Motown Christmas Songs


At its peak in the sixties Detroit's Motown label boasted an army of successful artists that gave soul music a soft pop underbelly. It was a hugely success formula (scoring over 100 Top 10 hits) which created a unique sound that remains instantly recognisable. The most famous of its roster included Marvin Gaye, Diana Ross & The Supremes, the Jackson 5, Smokey Robinson and Stevie Wonder. Luckily for us many of these high profile artists were not only prolific 11 months of the year but also put enormous effort in making music for December. The result is a rich seam of Christmas tracks from the cream of Motown. Acts like Diana Ross, Smokey Robinson and the Supremes and the Jackson 5 even recorded memorable full lengths to supplement the dozens of tracks that made up a trio of Motown Christmas compilations during the 60's and 70's.

The Best Motown Christmas Songs

Smokey Robinson & The Miracles - Deck The Halls / Bring A Torch, Jeannette, Isabella

The Jackson 5 - Little Drummer Boy

The Supremes - Silver Bells

Stevie Wonder - What Christmas Means To Me

The Jackson 5 - I Saw Momma Kissing Santa Claus

Smokey Robinson & The Miracles - God Rest Ye Merry Gentlemen

The Supremes - Children's Christmas Song

Smokey Robinson & The Miracles - Christmas Everyday

The Temptations - Little Drummer Boy

Marvin Gaye - Purple Snowflakes

Smokey Robinson & The Miracles - I Believe In Christmas Eve

Motown Christmas Albums

Smokey Robinson & The Miracles - Christmas With The Miracles

1963: Smokey Robinson & The Miracles - Christmas With The Miracles

Nine of the ten tracks on the Miracles first Christmas album were well known standards like 'Santa Claus Is Coming to Town', 'The Christmas Song' and 'O Holy Night'. But that's not to say that they didn't sound like completely new festive wonders thanks to Smokey Robinson's genius. Each track arrived with a pep in its step and you'll likely get the same feeling before too long. The most ear opening number came from Smokey Robinson's wife Claudette who sang on the stripped down funktastic 'Let It Snow' which is bizarrely close to what Prince would produce years later. 'Christmas With The Miracles' included one original track written by Robinson called 'Christmas Everyday' and it doesn't sound out of place amongst the tried and tested classics that surround it.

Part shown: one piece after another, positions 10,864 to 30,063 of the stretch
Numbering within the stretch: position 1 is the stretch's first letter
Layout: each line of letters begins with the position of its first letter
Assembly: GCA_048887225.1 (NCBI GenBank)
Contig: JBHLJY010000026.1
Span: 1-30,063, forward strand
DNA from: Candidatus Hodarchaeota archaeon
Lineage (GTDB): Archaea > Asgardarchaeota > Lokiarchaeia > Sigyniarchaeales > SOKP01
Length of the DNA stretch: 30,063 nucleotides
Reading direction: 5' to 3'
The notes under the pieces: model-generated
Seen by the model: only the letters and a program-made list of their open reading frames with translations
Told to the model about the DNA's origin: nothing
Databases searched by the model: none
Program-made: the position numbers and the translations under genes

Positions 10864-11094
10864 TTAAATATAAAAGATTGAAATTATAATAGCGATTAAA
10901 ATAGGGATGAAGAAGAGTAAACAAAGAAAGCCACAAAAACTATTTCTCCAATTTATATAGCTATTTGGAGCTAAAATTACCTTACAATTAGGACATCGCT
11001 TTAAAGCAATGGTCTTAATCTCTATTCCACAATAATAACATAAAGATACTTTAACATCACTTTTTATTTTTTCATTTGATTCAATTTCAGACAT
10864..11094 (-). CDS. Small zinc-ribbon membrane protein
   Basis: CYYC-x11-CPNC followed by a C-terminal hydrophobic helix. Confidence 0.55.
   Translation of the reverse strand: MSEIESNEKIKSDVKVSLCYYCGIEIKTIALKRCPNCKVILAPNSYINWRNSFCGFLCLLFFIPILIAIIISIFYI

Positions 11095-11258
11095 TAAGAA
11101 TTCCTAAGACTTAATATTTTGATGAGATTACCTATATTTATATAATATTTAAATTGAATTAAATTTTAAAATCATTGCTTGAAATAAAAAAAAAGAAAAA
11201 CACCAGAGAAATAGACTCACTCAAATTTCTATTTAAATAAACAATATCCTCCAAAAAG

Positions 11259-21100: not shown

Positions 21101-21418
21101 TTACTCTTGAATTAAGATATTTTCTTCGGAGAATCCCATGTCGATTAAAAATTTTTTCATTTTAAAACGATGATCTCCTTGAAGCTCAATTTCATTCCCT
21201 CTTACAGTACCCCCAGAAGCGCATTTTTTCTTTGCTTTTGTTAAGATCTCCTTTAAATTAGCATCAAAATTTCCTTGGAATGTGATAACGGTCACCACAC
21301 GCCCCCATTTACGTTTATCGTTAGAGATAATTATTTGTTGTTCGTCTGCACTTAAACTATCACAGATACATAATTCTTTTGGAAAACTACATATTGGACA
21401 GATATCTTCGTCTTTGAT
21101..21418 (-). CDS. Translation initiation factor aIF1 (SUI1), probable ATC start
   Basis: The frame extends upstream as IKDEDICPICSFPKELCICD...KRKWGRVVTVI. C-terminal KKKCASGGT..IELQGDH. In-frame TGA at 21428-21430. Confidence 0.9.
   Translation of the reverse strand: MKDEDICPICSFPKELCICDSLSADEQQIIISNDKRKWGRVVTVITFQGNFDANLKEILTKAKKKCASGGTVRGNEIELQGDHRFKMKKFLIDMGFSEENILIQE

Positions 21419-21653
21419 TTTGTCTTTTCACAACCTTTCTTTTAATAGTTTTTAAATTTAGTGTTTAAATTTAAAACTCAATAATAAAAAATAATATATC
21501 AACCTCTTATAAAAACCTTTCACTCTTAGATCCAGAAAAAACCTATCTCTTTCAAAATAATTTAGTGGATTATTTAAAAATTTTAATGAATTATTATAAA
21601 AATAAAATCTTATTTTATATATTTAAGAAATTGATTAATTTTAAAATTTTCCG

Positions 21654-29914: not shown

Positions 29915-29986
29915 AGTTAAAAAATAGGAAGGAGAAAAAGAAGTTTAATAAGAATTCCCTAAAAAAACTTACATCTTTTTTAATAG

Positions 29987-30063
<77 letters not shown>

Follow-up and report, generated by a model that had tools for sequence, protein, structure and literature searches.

The Supremes - Merry Christmas

1965: The Supremes - Merry Christmas

Considering how successful 'Merry Christmas' was it seems a tad surprising that the Supremes only recorded one full length holiday record. But we should be thankful for the 12 pieces of glitter that came our way. Normally Diana Ross's faultless vocals would be enough but when you add the wonderful production and backing harmonies from heaven you really have a special record. 5/6 of the album came from well known efforts like 'Rudolph The Red-Nosed Reindeer' (orchestrated at 33rpm instead of 45rpm), 'Joy To The World' (sounding as triumphant as possible) and 'White Christmas' (transformed into lounge music par excellence). There were also 2 new tracks 'Children's Christmas Song' and 'Twinkle Twinkle Little Me', the former of is rarely heard which is an injustice that needs to be righted.

Various Artists - Merry Christmas From Motown

1968: Various Artists - Merry Christmas From Motown

'Merry Christmas from Motown' was the first of 3 Motown curated Christmas compilations and featured the Supremes, the Temptations, Smokey Robinson and Stevie Wonder turning their hand to holiday favourites. Although it might have been a short affair with just 10 tracks there is absolutely no filler. An undoubted classic Christmas record.

The Jackson 5 - Christmas Album